When it comes it comes to running a small business, one important thing that can be often overlooked is the need to have a will that is up-to-date. Of course this isn’t something you want to have to think about but it is one of the matters that come with owning assets in your name. In the Philippines, 6.2% of the adult population are established business owners and 18.4% are engaged in early-stage entrepreneurship. With such a high population, this is a staggering amount of people that it effects.
Typically, people see getting older or developing an illness as the correct time to start thinking about writing a will but this is not the case as more often than not in life, unfortunate surprises can pop up. In addition, you shouldn’t feel like you’re bound to the first will you write either as you will need to update your will as your business progresses and the things in your life do too. This refers to changes in circumstances such as updating it if you get married, enter a civil partnership or have children.
It is vital that you don’t overlook the smaller things and fall prey to the excuse of ‘I’ll do it later’. To give you some examples of why you need to take this more seriously, we’ve put together 3 of the reasons why you need consider writing a will as a small business owner.
Make Sure Your Assets Are Spread Equally
A common assumption is that when you pass away your assets will be logically divided up amongst your loved ones and that will be the end of it. Unfortunately, this is not the case. Swedish book author Stieg Larsson died in 2004 without having his will witnessed and his partner of 32 years received nothing from his estate. Larsson’s family granted his wife ownership of the home she had lived in with Larsson but she did not receive anything from the tens of millions he earned from his worldwide book sales and the subsequent film adaptation. You may be thinking this was a Swede and not a Philippine and furthermore, that as a small business owner you obviously won’t be dealing with this sum of money however, you need to get into the right business habits and organise yourself correctly from day one. By making sure your assets are correctly distributed in your will, this ensures protection for your family. You don’t want to disregard it as an unneeded job to find down the line that you’ve left your family in a similar situation.
Prevent Issues with Future Ownership
As your small business is likely to be an owner-dependent business, it is not unheard of for this type of business to fail following the death of the owner. The common reason for this is because a successor is not named. It is unlikely a lot of thought would be put in to who is capable of running your business apart from yourself, and this results in the remaining parties with an interest in your business being left fighting for the scraps. If your will only acts to name a successor, it will help your business to continue should you pass away.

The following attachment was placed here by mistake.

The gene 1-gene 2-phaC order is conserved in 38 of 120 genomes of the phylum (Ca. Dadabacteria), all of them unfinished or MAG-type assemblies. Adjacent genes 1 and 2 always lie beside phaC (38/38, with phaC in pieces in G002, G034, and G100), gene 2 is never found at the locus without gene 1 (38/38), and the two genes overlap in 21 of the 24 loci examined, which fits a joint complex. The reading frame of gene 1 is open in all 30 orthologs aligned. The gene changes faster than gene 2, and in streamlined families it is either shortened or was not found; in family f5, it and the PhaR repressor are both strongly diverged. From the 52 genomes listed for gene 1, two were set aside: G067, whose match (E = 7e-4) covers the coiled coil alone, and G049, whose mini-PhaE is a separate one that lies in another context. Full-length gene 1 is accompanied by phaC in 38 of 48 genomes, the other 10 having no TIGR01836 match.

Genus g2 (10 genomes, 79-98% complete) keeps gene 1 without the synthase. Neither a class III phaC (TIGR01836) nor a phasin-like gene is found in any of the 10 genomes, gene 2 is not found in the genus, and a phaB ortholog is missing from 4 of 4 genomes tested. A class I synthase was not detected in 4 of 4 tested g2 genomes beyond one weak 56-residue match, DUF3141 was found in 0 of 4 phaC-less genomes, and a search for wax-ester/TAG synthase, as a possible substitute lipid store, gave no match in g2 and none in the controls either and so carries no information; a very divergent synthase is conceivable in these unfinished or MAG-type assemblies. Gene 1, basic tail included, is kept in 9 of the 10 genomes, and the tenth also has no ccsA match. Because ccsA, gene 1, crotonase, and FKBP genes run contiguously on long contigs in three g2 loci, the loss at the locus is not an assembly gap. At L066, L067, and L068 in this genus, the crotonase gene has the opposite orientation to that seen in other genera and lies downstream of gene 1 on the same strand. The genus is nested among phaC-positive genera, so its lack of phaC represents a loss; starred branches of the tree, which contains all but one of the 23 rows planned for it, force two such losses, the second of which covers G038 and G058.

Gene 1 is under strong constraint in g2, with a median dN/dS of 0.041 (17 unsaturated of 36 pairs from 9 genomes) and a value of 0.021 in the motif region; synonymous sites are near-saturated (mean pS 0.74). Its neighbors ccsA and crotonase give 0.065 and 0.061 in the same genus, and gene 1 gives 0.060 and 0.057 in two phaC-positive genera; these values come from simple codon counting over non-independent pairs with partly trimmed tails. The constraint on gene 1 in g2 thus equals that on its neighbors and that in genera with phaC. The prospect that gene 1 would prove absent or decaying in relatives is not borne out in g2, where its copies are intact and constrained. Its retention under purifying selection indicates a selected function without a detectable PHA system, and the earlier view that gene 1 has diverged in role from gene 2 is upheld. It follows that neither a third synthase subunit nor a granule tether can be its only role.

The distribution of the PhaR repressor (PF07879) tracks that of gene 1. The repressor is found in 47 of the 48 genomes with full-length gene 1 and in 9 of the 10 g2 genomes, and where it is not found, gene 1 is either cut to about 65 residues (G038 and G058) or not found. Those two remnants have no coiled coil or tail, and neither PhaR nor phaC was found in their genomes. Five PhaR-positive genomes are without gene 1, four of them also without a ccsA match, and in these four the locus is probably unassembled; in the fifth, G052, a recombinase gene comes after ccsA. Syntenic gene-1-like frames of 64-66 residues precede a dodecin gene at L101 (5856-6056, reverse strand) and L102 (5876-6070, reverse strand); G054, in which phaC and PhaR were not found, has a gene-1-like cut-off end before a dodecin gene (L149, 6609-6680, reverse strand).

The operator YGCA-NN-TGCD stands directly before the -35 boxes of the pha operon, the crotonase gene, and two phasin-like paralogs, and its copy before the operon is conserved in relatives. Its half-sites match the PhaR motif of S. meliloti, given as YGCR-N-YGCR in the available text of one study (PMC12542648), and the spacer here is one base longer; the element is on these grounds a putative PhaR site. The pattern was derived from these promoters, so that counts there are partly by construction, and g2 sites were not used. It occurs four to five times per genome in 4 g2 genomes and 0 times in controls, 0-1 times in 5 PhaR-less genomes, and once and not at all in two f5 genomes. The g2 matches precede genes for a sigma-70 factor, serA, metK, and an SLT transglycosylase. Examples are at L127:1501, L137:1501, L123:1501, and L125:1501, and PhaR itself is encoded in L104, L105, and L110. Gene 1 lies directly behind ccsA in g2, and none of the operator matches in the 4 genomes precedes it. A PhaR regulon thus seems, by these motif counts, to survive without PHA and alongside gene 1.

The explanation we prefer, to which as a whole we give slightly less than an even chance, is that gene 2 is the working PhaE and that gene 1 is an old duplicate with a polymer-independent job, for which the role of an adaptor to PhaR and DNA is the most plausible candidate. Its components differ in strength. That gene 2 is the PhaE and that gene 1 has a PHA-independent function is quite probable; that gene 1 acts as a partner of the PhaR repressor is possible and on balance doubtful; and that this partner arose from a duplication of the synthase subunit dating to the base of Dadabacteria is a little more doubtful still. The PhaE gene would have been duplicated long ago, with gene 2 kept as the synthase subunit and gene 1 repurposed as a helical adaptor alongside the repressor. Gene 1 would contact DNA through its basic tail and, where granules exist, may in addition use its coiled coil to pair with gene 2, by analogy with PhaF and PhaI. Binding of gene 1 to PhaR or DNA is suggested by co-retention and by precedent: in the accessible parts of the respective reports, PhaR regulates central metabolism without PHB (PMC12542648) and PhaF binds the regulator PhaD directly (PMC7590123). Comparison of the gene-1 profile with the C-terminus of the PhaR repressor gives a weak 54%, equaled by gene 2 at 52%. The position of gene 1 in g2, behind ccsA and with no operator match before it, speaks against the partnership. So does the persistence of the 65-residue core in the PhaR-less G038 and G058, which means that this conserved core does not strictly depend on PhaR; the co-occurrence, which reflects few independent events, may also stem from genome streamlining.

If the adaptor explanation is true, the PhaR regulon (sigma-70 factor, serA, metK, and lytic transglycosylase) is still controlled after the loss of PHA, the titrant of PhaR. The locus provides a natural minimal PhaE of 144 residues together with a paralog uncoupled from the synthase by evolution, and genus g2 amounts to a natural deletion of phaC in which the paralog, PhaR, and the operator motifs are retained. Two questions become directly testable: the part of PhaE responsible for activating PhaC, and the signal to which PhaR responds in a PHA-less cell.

This can also be important if you employ one or more of your children in your business and pass away. There is a chance the business will be split between all of your children; regardless of whether they currently work in the business. This can be seen as unfair by the children that have worked for the business and can lead to unnecessary conflict between your children. As the one who works in the business may have to buy out the other siblings in order to take control.
General Piece of Mind
Entrepreneurship is highly encouraged in the Philippines through the activities of the different government departments, such as the Department of Trade and Industry, the Department of Science and Technology, Bangko Sentral ng Pilipinas and the Commission on Higher Education. The Government offer training and advice to entrepreneurs throughout every stage of their business career however, will’s aren’t something that are being massively pushed on Filipino owners, which is a worry thought considering how important they are.
It isn’t a pleasant thing to think about, but if you want to make sure your family and business are taken care of should the worst happen, you need to plan ahead. Will disputes are a costly and often drawn-out process that can easily be avoided. Losing a loved one is hard enough without the added pressure of looking at dispute resolution solicitors to solve the problem with a will. As mentioned, it can also create unnecessary conflict between siblings and wider family members at a time when families should be sticking together for support.